Interested in learning more about multi-shaft looms? This introduction will give you an overview of both floor looms and table looms, and how they differ from each other.
A multi-shaft loom has frames, called “shafts", that contain heddles through which warp yarn is threaded. Treadles on a floor loom, or levers on a table loom, control the shafts. They raise and, in some cases, lower, from a neutral position. Raising and lowering the shafts creates a “shed,” a space between the warp threads through which weft thread is passed to create woven cloth. Multi-shaft looms differ from rigid heddle looms in that the shafts move up/down instead of remaining rigid.
A jack loom has a rising shed, meaning that the shafts lift when the corresponding treadle or lever is depressed. As the shafts can operate independently, jack looms are very flexible for weavers wanting to experiment with many different patterns because it is relatively easy to change the tie up (the instruction detailing which treadles are connected to which shafts to create a pattern shed), but they can require more physical exertion than counterbalance or countermarche looms.
A counterbalance loom has pairs of shafts (usually 2 or 4) that work opposite each other on rollers or pulleys. Sometimes a counterbalance loom is described as a sinking shed loom because two of the shafts sink when the other two rise. This symmetrical operation of the shafts makes these looms great for balanced weaves like 2/2 twill, but challenging for unbalanced weaves like 1/3 twill.
A countermarche loom combines the independent shaft movement of a jack loom, with the symmetrical shed opening of the counterbalance loom. Each shaft is connected to all of the others, so when some shafts rise, all the others fall. This means that the tie-up can be complicated and time consuming.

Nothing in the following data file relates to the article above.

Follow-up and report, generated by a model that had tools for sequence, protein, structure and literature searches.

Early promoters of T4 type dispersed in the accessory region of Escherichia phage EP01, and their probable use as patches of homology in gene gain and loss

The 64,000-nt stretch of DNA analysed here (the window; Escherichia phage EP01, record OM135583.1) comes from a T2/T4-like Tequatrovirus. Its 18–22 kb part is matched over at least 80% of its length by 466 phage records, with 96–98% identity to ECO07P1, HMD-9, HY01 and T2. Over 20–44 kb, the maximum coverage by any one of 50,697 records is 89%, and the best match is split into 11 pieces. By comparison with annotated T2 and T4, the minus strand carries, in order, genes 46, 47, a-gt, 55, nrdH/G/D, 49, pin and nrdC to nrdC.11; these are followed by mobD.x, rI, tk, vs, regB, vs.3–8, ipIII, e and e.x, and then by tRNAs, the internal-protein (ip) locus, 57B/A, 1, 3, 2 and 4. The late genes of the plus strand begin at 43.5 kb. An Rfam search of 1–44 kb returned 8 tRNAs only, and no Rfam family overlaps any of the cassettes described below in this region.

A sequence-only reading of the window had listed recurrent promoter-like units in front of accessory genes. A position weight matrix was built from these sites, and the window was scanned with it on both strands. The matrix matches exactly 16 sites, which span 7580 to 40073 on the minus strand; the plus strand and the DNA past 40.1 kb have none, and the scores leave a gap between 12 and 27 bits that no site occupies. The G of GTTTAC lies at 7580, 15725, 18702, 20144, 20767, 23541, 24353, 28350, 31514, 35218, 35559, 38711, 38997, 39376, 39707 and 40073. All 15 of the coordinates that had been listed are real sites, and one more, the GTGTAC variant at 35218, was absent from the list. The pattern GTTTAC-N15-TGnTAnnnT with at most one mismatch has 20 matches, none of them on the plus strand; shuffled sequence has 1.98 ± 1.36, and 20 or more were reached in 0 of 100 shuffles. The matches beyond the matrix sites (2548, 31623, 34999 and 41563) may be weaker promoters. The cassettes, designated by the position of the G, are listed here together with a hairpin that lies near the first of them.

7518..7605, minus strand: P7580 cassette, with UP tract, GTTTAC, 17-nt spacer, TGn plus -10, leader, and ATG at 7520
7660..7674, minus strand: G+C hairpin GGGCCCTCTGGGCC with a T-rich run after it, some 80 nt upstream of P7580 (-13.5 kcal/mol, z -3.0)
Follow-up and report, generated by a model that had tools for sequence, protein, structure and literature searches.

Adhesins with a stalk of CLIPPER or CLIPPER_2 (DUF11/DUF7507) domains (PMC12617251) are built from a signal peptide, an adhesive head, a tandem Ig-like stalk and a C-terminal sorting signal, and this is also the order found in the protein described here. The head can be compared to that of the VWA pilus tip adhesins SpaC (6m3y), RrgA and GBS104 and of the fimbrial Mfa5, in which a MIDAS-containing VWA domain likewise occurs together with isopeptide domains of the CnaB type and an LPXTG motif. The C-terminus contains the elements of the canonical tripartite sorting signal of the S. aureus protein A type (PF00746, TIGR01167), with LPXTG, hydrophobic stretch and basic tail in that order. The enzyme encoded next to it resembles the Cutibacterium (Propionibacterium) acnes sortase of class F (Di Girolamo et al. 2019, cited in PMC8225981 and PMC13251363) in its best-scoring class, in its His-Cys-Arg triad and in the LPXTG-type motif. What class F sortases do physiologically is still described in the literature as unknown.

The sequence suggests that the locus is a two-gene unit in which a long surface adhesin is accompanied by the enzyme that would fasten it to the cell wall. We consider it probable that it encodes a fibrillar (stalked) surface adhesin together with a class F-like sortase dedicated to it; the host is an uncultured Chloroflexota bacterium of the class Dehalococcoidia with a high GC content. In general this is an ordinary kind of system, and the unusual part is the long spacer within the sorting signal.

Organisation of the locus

Both floor looms and table looms contain multiple shafts for weaving, but a floor loom is larger and far less portable than a table loom. The shafts on a floor loom are controlled by treadles depressed by the weaver’s feet, leaving hands free for throwing the shuttle and beating. Table looms are smaller than floor looms, often fold for storage and travel, and can be used on a table top or on a stand. The shafts are raised and lowered by levers on the top or side of the loom.
So many things! Table lines, scarves, shawls, towels, cloth for clothing—you are really only limited by your imagination and the width of your loom. Having multiple shafts enables you to weave complex patterns, as well as double-width cloth (fabric twice as wide as your loom). Explore all the multi-shaft patterns we offer here.
We carry four brands of multi-shaft looms: Ashford, Schacht, LeClerc, and Louet. All are highly respected companies known for making quality products, and we are happy to answer any questions about their offerings to help you make the best decision for your weaving interests and budget.
Your loom purchase depends on a variety of factors—how wide and complex you’d like to weave, your available space, budget, and personal preferences such as portability, weight and rising or sinking shed. We're happy to help you decide! Contact us at email@example.com
Warp threads for a multi-shaft loom should be strong enough to withstand abrasion in the heddles, and to handle the tension as you tighten the warp. It is also helpful if the yarn has a bit of stretch so there is some give when you are warping your loom, but not too much. All of the yarn carried in our shop can be used for warp threads. We particularly recommend the following for weavers looking for warp-friendly yarn for a multi-shaft loom:
This post is the second in a series introducing you to common weaving structures. You’ll find many patterns in Gist’s pattern collection that feature twill structures, and, like plain weave, it’s another foundation weave that has a lifetime of new and exciting combinations to explore.
If you are looking to try out a new art form, or if you are a multi-shaft or rigid heddle weaver interested in exploring another facet of the weaving world, this blog post introduces the equipment and yarn you'll need to get started with tapestry weaving.